Three years after the Pittsburgh Steelers hired him, head coach Mike Tomlin has emerged as a star, writes John Harris of the Pittsburgh Tribune-Review.
Sunday will mark the 31st time in 45 Super Bowls where the winning head coach did not play in the NFL, writes Mark Craig of the Minneapolis Star Tribune.
Though in declining health, Hall of Fame head coach Chuck Noll is following the Steelers’ Super Bowl run.
Rattling Aaron Rogers is a key for the Steelers, writes Ed Bouchette of the Pittsburgh Post-Gazette.
Steelers quarterback Ben Roethlisberger is a pawn to Roger Goodell, writes Jason Whitlock of FOXSports.com.
Andy Benoit of CBSSports.com compares the two Super Bowl quarterbacks.
Steelers wide receiver Hines Ward likes to have fun in the workplace, writes Shalise Manza Young of The Boston Globe.
Quiet this post-season, Steelers wide receiver Mike Wallace wants to be unleashed in the Super Bowl.
Injured Steelers Maurkice Pouncey and Aaron Smith were limited in Wednesday’s practice.
Pittsburgh’s secondary will be tested by the Packers’ big-play passing attack, writes Scott Brown.
The Steelers have a shutdown corner in Ike Taylor, writes Ron Cook.
Steelers linebacker LaMarr Woodley vs. Packers right tackle Bryan Bulaga is a key match-up on Sunday.
Four of Shutdown Corner’s five key Super Bowl match-ups are in the trenches.
Matt Bowen of the National Football Post will be watching the chess match between Aaron Rodgers and Troy Polamalu.
Pittsburgh punter Jeremy Kapinos isn’t interested in discussing his 2008-09 stint with the Packers.
Steelers defensive end Brett Keisel’s beard is a star of Super Bowl week.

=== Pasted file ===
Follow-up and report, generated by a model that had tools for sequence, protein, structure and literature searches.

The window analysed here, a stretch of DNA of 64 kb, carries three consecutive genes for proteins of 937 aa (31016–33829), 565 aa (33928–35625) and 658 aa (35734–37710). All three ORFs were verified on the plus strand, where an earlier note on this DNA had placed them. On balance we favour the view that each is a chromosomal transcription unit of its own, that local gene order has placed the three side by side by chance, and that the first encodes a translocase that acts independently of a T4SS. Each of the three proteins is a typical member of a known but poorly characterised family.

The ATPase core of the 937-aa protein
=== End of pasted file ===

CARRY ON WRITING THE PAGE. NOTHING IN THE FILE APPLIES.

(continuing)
Keisel is willing to dig ditches to support his family in a lockout.
Ted Thompson’s decision to release Brett Favre helped pave a Super Bowl path for the Green Bay Packers, writes Peter King.
Several Packers coaches have ties to Pittsburgh and the Steelers organization.
The Packers may have a hard time retaining all their defensive coaches after the Super Bowl, writes Rob Demovsky of the Green Bay Press-Gazette.
Green Bay’s defensive line coach Mike Trgovac is keeping nose tackle B.J. Raji on track, reports Kevin Seifert of ESPN.com.
Raji’s legend is growing, writes Gary Shelton of the St. Petersburg Times.
Packers defensive coordinator Dom Capers takes a low-tech approach to his playbook.
Green Bay’s defense has come a long way since its performance last post-season, writes Sports Illustrated’s Jim Trotter.
An extra weekly meeting between Mike McCarthy and Aaron Rodgers has made a difference the second half of the season.
Titletown has the edge over the City of Champions.
Packers cornerback Charles Woodson has been mentoring and motivating his younger teammates, writes Mike Vandermause.
Woodson and Steelers safety Troy Polamalu possess the brains and boldness that make them impact players, writes Bob McGinn of the Milwaukee Journal-Sentinel.
Packers center Scott Wells has overcome adversity and challenges to remain in the starting lineup.
After a spell as a street free agent, guard Evan Smith is happy to be back on the Packers’ 53-man roster.
Lesser-known members of the Packers have made big contributions this season, writes Gary D’Amato.
Packers linebacker Matt Wilhelm has provided leadership on special teams, writes Kevin Acee of the San Diego Union-Tribune.
Packers cornerbacks Sam Shields and Patrick Lee will likely handle kick returns in the Super Bowl.
Hall of Fame Packers guard Jerry Kramer still gets excited for the Super Bowl.
Packers defensive end Cullen Jenkins awaits word from his missing father.
Packers rookie running back James Starks has had a dream post-season, writes Allen Wilson of The Buffalo News.
Starks and Steelers running back Rashard Mendenhall took different paths to the Super Bowl, writes Kent Somers of The Arizona Republic.
This Super Bowl truly is a 50-50 game, writes Brian Burke for The Fifth Down at The New York Times.
Since rain is a threat, officials with the Miami Dolphins will push for renovations to Sun Life Stadium to lure the Super Bowl back to South Florida.